Unfortunately vertex texture fetch performance, at least on current console hardware, is very slow. There is a high amount of latency. Triangles are not processed in parallel either. With DirectX 11 tessellators it sounds like they will be processed in parallel. I do not know whether vertex texture fetch will be up to the speed of a pixel texture fetch. I would sure hope so. I need to read specs for both the API and this new hardware before I can postulate on how exactly this scheme can be done with tessellators instead of instanced patches but I think it will work nicely. I also have to give the disclaimer that I have not implemented this. The performance and details of the implementation are not yet known because I haven't done it.

To compare this scheme with the others it has some advantages. Given that it is still triangle rasterization dynamic objects are not a problem. To make this work with animated meshes it will probably need bone indexes and weights stored in a texture along with the position. This can be contained to an animation only geometry pool. It doesn't have the advantage subd meshes have that you can animate just the control points. This advantage may not work that well anyways because you need a fine grained cage to get good animation control which increases patch number, draw count, and tessellation of the lowest detail LOD (the cage itself).

It's ability to LOD is better than subd meshes but not as good as voxels. The reason for this is the charts a model has to be split up into are usually quite a bit bigger than the patches of a subd mesh. This really depends on how intricate the mesh is though. It scales the same subd meshes do but just with a different multiplier. Things like terrain will work very well. Things like foliage work terribly.

Tools side, anything can be converted into this format. Writing the tool unfortunately looks very complicated. This primarily lies with the texture parametrization required to build the seemless texture atlas. After UV's are calculated the rest should be pretty straight forward.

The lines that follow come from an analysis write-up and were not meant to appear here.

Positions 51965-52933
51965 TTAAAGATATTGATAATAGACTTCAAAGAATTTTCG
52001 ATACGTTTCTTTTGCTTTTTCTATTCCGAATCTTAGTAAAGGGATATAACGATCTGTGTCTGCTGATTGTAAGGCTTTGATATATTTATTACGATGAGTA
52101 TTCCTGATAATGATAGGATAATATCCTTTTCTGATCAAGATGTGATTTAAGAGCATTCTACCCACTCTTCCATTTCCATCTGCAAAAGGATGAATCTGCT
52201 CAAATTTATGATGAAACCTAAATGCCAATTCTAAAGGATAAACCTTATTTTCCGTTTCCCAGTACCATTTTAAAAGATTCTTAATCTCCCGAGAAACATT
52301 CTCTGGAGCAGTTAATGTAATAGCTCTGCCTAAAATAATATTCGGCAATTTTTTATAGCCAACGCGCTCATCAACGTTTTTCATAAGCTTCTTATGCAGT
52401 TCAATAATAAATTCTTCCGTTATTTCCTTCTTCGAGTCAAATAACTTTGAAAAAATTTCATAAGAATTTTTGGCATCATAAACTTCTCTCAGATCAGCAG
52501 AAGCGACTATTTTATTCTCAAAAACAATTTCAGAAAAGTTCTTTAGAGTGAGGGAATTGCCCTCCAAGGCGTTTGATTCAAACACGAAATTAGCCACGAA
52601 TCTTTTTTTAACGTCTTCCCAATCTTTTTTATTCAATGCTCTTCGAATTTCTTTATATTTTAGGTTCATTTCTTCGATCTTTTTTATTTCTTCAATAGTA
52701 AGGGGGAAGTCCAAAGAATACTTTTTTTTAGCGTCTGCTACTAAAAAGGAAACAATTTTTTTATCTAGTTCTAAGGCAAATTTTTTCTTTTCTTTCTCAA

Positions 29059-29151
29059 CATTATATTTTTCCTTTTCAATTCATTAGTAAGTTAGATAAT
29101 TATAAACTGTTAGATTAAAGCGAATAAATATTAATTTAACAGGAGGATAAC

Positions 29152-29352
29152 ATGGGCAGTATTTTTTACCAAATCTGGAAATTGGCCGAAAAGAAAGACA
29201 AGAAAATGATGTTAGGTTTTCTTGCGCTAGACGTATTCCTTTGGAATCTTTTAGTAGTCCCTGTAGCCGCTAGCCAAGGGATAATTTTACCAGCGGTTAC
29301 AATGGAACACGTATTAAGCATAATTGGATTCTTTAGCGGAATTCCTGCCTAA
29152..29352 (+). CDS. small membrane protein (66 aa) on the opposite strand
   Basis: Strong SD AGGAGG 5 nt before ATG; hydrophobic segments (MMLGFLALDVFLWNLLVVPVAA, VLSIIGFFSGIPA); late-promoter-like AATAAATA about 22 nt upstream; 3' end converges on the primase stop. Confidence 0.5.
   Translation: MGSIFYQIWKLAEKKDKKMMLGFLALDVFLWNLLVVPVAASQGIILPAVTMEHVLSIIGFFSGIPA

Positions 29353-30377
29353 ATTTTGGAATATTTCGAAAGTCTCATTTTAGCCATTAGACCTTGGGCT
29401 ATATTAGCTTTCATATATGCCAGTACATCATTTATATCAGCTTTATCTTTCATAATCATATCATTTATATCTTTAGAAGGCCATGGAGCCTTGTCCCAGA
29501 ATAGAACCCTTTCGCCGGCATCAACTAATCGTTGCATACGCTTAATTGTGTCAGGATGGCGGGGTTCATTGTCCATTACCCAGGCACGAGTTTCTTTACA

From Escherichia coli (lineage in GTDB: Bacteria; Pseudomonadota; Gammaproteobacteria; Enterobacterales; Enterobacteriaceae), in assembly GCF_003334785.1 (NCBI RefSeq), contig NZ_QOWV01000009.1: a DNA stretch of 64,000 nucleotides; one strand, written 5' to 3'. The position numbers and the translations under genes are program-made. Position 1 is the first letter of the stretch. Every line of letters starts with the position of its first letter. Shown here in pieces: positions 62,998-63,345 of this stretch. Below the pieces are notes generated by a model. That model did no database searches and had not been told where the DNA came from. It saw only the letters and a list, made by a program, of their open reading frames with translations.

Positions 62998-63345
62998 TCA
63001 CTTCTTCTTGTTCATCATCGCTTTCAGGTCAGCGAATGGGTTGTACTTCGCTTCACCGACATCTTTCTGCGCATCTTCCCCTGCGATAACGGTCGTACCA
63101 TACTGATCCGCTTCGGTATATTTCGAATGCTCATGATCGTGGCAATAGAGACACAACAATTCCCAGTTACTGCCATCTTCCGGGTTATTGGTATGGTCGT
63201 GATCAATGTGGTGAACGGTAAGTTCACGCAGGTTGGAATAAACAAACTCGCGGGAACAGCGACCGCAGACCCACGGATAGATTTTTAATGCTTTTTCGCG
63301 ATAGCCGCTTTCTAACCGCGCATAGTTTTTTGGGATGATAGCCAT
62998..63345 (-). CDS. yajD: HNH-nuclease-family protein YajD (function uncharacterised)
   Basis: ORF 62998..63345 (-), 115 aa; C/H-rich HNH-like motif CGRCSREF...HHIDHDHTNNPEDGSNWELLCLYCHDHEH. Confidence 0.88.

I do like this format better than subd meshes with displacement maps but it's still not ideal. Tiny triangles start to lose the benefits of rasterization. There will be overdraw and triangles missing the center of pixels. More important I think is that it doesn't handle all geometry well, so it doesn't give the advantage of telling your artists they can make any model and place it however they want and it will have no impact on the performance of the game. Once they start making trees or fences you might as well go back to how they used to work because this scheme will run even slower than the old way. The same can be said for subd meshes btw.

To sum it up I think it's a pretty cool system but it's not perfect and doesn't solve all the problems.

Thursday, January 8, 2009

More Geometry

There has been a lot of talk lately about the next generation of hardware and how we are going to render things. The primary topic seems to be "How are we going to render a lot more geometry than we can now?" There are two approaches that are getting a lot of attention. The first is subdivision surfaces with displacement maps and the second is voxel ray casting.

Here are some others that are getting a bit of attention.

Ray casting against triangles
Intel's ray tracer
Cuda ray tracer

Point splatting
Far Voxels

Progressive meshes
Progressive Buffers
View dependent progressive mesh on the GPU

Progressive Buffers is one of my favorite papers. It's one that I keep coming back to time and time again.